Rails in production with CoreOS

I've always wanted to have a minimalist OS for my production server where I could know pretty much everything there is to know about the system. It's not a matter a taste for me, it's just that I have this thing where whenever I touch something, it turns to shit. So more things that can break, the more it will.

So, having an OS that is very lean helps me get things done. Back when I started deploying apps, I thought that ArchLinux was a good candidate for my needs and it was. But recent troubles with system updates made me look for alternatives. CoreOS looked like what I always wanted even though it was -- and still is -- the new kid on the block. The OS is light and it makes it really hard to install anything directly on it. The only thing it wants to manages are containers.

All the complexity lives in containers. On a single host, you can have multiple containers running and interacting with each others.

Usually, my projects are pretty much monolithic. I have NGINX serving rails connected to a postgresql database and maybe a worker doing off-request through ActiveJob. In a CoreOS environment, that would turn my system into 4 containers environment all connected through the same configuration mechanics that you already come to expect from rails. I don't want to change my way of doing things because of a different architecture.

Enough talking, let's get down to business.

Rails in Docker

First, rails needs to be built inside a container. I'm assuming you already have Docker installed on your system.

FROM ruby:2.2 RUN apt-get update -qq RUN apt-get install -y libpq-dev libxml2-dev libxslt1-dev nodejs COPY . /srv/my_project WORKDIR /srv/my_project ENV RAILS_ENV production RUN bundle install --deployment EXPOSE 3000

First, I chose a recent version of Ruby to base my image from. Then, I install all the default requirements for rails to build. Probably, there exists images that cover those 2 steps so you could replace the first 3 lines with FROM rails:4.2 and it could work.

The thing you will need to change is the COPY and WORKDIR directive to reflect your project. The COPY directive tells Docker to copy all of the content in the directory where your Dockerfile to the new image it will create. In this scenario, I want to copy the content of my project over to the image.

Then, I set the environment to production, I install the dependencies via bundler and then I expose the port 3000 so Nginx can serve requests to rails.

Running docker build . should now build your project to a docker image ready to be used. If you have issues, you can read about debugging a docker container, something I wrote a while back that is very useful when you get issues with building images.

Starting a CoreOS cluster

Fleetctl is the component with rails that really made me like this way of doing things. You take all your docker container and you wrap them in services for fleetctl to manage the same way you would with systemd services. Sounds complicated!

In a normal docker scenario, you would have to build, launch and stop containers. You would have to monitor them in case of failures and you would have to create a structure for you to access your logs and rotate them when needed. Fleetctl does all that, and more.

CoreOS on Digital Ocean

This part of this post is going to be specific to Digital Ocean. I think you can adapt it to other providers but that would be for you to discover!

Get a discovery token

The first step is to get a new token that will be bound to your new cluster. This is provided for free by CoreOS. To get a new token, open your browser at https://discovery.etcd.io/new?size=1. The size parameter in the URL specify the number of etcd instance this new cluster requires to start.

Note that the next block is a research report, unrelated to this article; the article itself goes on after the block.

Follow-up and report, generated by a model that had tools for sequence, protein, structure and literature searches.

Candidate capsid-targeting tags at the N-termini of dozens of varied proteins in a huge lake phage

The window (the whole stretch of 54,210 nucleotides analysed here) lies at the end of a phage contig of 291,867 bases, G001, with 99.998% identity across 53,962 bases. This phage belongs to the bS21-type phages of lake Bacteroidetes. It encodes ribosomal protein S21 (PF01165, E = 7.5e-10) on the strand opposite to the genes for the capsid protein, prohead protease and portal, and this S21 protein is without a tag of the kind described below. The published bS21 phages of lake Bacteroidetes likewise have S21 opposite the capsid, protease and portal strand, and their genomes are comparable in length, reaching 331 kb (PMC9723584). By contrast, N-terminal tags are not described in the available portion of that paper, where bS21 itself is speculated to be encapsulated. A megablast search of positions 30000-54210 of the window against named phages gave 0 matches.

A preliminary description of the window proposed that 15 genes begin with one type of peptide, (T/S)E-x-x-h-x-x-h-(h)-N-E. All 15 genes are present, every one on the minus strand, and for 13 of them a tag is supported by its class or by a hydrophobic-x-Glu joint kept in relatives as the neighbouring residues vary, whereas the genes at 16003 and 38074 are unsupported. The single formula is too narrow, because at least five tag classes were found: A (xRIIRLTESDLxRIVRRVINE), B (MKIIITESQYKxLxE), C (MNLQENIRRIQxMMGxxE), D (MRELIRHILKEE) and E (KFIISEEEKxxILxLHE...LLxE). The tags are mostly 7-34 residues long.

Every time you want to start a new cluster, you will need a new token.

Create a new droplet

For the droplet to work as expected, you will need to enable Private Networking as well as provide User Data.

user data
#cloud-config coreos: etcd2: # URL you received from the previous step. discovery: https://discovery.etcd.io/<token> advertise-client-urls: http://$private_ipv4:2379,http://$private_ipv4:4001 initial-advertise-peer-urls: http://$private_ipv4:2380 listen-client-urls:, listen-peer-urls: http://$private_ipv4:2380 units: - name: etcd2.service command: start - name: fleet.service command: start
Digital Ocean panel example

SSH into the machine once the droplet is created and verify if fleetctl was properly configured.

fleetctl list-machines MACHINE IP METADATA 6d0cd39c... -

You should see a single machine in your cluster (yourself).

CoreOS folder structure

I usually create 4 different folders where I will put different things for different purposes.

$ ls configs/ sources/ data/ service/

The config folder is a folder where I store thing like nginx virtual hosts, rails secrets.yml and database.yml.

The sources folder is where I will store all the source repository I need.

The data is where I will store all the assets that rails compiles and also the folders. It will also host all the postgresql data.

Everything that I want persisted will be stored on the host OS, not the containers.

The reason for this is that if I was to store persisted data in the containers, I would lose the data as soon as I would update the image. That means migrating from postgresql 9.4 to 9.5 would wipe my whole database. I would also have to recompile all my assets every time I commit an update to my project. Not very useful.

So, some people use data containers to achieve persistence. I personally prefer to store all the data on CoreOS directly and expose those folders to the right container.

The service folder is where I will store all the service that I need to configure for my rails instance to run smoothly. By default, that means 3 services:

  • Postgresql
  • Nginx
  • Rails

Postgresql on CoreOS

The docker community already provides images ready to use. So, for my use, the only thing required is to create a service that will tell a few things about my architecture.